And Anne carries a torch for Tesla, one that never heats up beyond a smolder. She’s the movie’s “love interest” that never really finds love, only admiration, forever trying to break through to the heart of a man totally consumed by what’s going on in his head. In an early scene, where she first meets Tesla, she’s fascinated by his invention, a tiny object that generates electricity by magnetic fields instead of moving, whirring parts that create friction, things that actually touch and connect. Tesla’s electricity is clean and safe, no friction, no sparks; nothing to rub against anything else, nothing to generate heat.

And no sparks, no friction, no heat, Anne comes to realize, is a bit too chilly for her.

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Railroad tycoon George Westinghouse (Jim Gaffigan) takes young Tesla under his entrepreneurial wing.

Jim Gaffigan waltzes in, his face almost overtaken by a bushy walrus moustache and enormous muttonchops, as railroad industrialist George Westinghouse. Former model Rebecca Dayan provides some electrical sizzle of her own as the French stage-actress Sarah Bernhardt, an international touring sensation with whom Tesla is positively starstruck.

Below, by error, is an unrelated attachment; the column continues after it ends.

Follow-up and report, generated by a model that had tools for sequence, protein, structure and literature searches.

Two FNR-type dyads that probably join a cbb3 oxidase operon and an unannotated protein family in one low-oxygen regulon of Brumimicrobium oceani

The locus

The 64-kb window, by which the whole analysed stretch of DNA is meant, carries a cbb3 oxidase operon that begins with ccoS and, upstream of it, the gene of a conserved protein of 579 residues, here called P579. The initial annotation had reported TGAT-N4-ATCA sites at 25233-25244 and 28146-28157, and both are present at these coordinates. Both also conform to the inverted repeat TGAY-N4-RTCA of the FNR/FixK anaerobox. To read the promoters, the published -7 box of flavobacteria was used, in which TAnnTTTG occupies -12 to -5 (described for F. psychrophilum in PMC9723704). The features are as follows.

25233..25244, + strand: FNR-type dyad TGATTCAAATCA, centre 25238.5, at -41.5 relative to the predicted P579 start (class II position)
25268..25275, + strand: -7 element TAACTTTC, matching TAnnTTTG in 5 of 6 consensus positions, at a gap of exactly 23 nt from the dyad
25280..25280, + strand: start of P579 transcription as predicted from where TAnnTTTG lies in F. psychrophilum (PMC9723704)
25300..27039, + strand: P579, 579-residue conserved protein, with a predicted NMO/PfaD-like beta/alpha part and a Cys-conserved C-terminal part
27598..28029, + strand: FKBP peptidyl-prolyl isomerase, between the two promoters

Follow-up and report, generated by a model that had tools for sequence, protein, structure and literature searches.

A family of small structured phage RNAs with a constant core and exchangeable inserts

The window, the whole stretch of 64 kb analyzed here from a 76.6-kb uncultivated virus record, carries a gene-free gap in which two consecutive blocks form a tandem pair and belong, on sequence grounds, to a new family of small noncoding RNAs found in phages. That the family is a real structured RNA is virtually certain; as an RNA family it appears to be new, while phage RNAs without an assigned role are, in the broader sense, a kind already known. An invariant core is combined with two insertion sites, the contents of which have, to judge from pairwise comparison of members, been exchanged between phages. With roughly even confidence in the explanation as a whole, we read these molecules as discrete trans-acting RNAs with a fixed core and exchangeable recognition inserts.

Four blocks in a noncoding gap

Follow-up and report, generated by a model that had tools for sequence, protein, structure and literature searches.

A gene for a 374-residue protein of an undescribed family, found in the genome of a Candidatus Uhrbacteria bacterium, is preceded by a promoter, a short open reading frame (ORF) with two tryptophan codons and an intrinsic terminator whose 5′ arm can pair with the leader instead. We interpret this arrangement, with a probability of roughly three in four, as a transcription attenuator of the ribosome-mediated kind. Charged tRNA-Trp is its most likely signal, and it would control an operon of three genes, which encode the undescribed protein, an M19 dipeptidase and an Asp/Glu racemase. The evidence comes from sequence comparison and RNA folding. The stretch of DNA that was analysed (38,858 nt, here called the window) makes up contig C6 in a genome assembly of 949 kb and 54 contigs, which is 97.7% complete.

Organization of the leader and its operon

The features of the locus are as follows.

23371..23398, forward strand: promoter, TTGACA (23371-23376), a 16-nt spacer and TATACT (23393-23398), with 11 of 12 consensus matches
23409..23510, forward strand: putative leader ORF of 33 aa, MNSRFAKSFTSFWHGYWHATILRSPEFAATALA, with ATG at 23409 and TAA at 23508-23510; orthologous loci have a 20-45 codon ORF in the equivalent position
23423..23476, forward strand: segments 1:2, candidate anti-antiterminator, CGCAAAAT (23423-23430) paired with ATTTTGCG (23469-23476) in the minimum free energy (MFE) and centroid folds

Tableaus played out “seriously” against obviously fake backdrops of outdoor scenery—Niagara Falls, the Colorado sky, a train depot, the 1893 Chicago World’s Fair—remind us that we’re watching reenactments being tweaked, manipulated and flexed, like in a pageant or a play. Anne helpfully reminds us when something we’re seeing that “almost certainly didn’t happen that way,” reinforcing a film-festival statement from the director that one of his influences in making Tesla was TV’s Drunk History. It’s a safe bet, for instance, that Tesla never smooshed an ice cream cone into Thomas Edison’s face, or grabbed a microphone and laid down an off-key karaoke groove to a popular ‘80s—and I’m talking 1980s, not 1880s—tune with lyrics uncannily right-on about the power struggles of the industrial conglomerates of his day wanting to “rule the world.”

Hmmm…maybe Tesla really could see the future.